This is taken from a recent rant of mine concerning Cork's Future. In it, I noted a number of 'problems' I feared, if not overcome, would damage the successful realisation of Cork's development and regeneration. Among these fears is Cork's reputation as a 'litter blackspot'. Again walking the streets of the city today I felt compelled to post this - litter is an issue that needs to be tackled from the ground (literally) up, starting not simply with physical work, but also educational. It is a mindset that needs to be changed radically and rapidly. I can't help but sometimes blush with embarrassment at some eye-sores and littered places around the city.
As one of my friends commented to me recently as we discussed the situation, "If my wife was as dirty as Cork, I wouldn't be able for work in the morning".
1. [i]Civic Pride/Maintenance - relates much more to the attitudes of persons and groups associated with the Cork region. As I walked Daunt Square and Saint Patrick's Street yesterday afternoon (and I have mentioned this extensively before) I was still struck by the volume of litter bleamishing the pavements. This is an issue I think that is far too casually dismissed. Social and environmental conscience is a nice concept - everyone agrees or at least agrees with novelty efforts for reasons of public image - however I don't think it is sufficiently taken to heart; this is evident by pacing Cork's city centre streets and suburbs. The same old tired agruments emerge from businesses, public bodies and the public alike - "It's too costly", "I have to take care of my business first and foremost, I don't have enough time or finance to meet the requirements for environmental care demanded", "That's what the street cleaners are for", "The City Council already spend X, Y and Z a year on environmental programs and are curently doing A, B and C". I am aware of all this but it still is not good enough and it is not working to what should be the appropriate standard. Environmental education needs to be forcefully drilled into the mindsets of children from nursery school non-stop until they reach their final year in Secondary School. Every litter bin in every street in Cork should be subdivided in paper, plastic, glass etc (of course some persons won't give 2 hoots about this - so enforce it with strictly regulated, performance-pay-related Litter Wardens who can work in conjunction with the Gardai (give them a linked radio frequency) to document, enforce and punish individuals there and then with community service for example (street cleaning etc) depending on the extent of the offence). The existing numeracy, monitoring and nature of bring sites around Cork is inadequate. Too often persons shove mixed-rubbish bags into the same slot of a recycle bin because there is no accounting for disregard. The recycle centre in Trim, Co. Meath is perhaps a good model for an organised, monitored and well structured Bring Site - more of this please in Cork.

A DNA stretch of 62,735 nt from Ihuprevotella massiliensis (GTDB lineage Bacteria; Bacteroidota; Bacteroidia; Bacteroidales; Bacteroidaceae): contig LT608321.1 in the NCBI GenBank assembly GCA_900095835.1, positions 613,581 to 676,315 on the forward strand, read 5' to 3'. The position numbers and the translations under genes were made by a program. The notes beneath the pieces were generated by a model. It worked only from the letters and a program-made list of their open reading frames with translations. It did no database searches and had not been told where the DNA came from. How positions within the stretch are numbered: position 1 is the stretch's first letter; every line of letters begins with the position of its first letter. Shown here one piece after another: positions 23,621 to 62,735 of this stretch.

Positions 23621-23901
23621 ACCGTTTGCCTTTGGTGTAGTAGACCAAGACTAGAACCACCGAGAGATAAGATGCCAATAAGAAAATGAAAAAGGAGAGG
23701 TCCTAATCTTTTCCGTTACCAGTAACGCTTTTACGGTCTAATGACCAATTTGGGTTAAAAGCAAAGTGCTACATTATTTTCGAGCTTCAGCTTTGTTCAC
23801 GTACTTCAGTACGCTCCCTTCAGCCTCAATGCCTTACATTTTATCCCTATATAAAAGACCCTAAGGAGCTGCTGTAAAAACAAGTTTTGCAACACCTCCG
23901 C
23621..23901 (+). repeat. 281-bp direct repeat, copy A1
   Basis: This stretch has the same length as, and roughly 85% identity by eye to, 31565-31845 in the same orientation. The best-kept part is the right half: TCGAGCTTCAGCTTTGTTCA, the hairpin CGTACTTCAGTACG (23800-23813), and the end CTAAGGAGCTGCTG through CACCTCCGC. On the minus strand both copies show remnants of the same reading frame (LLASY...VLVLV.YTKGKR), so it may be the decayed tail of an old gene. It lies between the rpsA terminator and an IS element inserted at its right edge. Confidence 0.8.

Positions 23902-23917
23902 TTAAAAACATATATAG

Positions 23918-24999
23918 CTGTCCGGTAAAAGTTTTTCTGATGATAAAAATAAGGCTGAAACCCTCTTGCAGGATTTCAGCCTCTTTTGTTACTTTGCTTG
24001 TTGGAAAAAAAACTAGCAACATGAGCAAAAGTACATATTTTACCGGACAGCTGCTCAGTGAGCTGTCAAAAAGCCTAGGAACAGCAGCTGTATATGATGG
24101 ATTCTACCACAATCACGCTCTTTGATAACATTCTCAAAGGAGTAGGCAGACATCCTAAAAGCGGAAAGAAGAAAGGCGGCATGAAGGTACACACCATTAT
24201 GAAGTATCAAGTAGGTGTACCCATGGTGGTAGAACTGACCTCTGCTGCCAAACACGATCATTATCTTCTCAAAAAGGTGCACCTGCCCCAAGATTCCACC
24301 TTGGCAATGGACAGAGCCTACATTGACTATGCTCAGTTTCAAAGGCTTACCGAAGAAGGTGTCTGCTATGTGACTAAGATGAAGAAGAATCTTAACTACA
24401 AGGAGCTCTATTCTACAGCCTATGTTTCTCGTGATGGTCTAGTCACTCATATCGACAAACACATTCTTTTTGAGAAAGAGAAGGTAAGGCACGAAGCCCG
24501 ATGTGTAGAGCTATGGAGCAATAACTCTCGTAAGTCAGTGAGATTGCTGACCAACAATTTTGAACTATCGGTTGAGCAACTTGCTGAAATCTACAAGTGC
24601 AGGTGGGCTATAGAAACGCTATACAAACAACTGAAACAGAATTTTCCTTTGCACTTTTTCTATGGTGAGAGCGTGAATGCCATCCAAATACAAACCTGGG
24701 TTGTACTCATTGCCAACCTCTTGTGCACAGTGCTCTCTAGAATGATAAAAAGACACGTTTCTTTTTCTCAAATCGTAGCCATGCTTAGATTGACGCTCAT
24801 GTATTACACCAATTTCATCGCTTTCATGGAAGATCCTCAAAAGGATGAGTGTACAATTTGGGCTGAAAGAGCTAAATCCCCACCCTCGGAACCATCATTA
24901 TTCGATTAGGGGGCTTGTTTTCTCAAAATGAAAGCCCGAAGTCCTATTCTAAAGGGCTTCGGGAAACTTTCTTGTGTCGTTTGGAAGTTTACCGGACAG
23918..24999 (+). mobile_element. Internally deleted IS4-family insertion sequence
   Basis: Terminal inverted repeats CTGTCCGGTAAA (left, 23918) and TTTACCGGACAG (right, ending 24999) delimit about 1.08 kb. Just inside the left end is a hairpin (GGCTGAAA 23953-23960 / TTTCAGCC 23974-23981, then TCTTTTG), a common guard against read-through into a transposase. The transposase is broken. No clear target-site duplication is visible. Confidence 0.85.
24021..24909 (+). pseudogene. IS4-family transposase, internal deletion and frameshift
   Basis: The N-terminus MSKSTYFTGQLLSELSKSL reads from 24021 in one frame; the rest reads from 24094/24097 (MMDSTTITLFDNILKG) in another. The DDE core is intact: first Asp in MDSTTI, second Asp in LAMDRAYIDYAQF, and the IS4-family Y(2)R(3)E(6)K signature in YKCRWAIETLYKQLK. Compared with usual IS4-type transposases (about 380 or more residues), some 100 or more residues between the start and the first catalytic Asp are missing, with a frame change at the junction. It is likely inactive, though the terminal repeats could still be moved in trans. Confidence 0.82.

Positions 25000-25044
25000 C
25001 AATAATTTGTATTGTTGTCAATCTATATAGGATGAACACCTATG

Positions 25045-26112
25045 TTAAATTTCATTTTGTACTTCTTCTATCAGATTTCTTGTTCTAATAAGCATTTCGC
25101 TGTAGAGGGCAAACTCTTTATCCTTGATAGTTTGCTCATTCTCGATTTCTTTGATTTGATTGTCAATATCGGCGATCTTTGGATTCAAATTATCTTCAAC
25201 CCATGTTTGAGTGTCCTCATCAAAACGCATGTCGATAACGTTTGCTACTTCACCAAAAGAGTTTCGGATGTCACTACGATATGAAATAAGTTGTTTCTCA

Street-cleaning is often looked upon as a low-bracket job ~ an image which needs serious revision. I have observed some genuinely hard-working and attentive gentlemen and women on the streets of Cork fulfilling the roles of Sanitation Officers; however given the volume of city centre traffic (pedestrian and otherwise), the frequency of such work is insufficient. There is a need for more officers on the streets with the capacity to continuously clean paving (stains, chewing gum etc), collect and organise litter, weed unsightly vegetation non-stop 16 hours a day on all Cork's major city centre streets (in various shifts of course) with awards based on volume and extent of work. Yes this is a costly operation but it is an essential one which should under no circumstances be given second stroke. Cork features too prominently too often on Ireland's Annual Litter Black-spots list - walking the streets of the city today highlights the reasons why only too well.
All building proprietors by strictly enforced law should ensure the upkeep and presentation of their buildings - everything from paint, stains, watermarks, broken pipes, slates, signage, unsightly vegetation growth (moss, weeds etc) - should be regularly reviewed by assigned agents under the direction of an independently appointed body; perhaps in conjunction with reports by the aforementioned santitation officers who will be most frequently on the streets to observe such failings. Where funds are genuinely unavailable to carry out immediate works, perhaps an interest-based loan system may be made by the City Council to proprietors for instant works.
The attitude to our environment in Cork is as much a mindset issue as much as it is a capacity one. I've heard so many economic, social and not-my-problem arguments and I'm not convinced by any of them. Cork's presentation and environment is the responsibility of everyone. The long-term benefits (i.e. tourism, investment etc) are overlooked so easily on the basis that they are strategic and not immediate. A pity that must end. It's time to get your cleaning act in order Cork.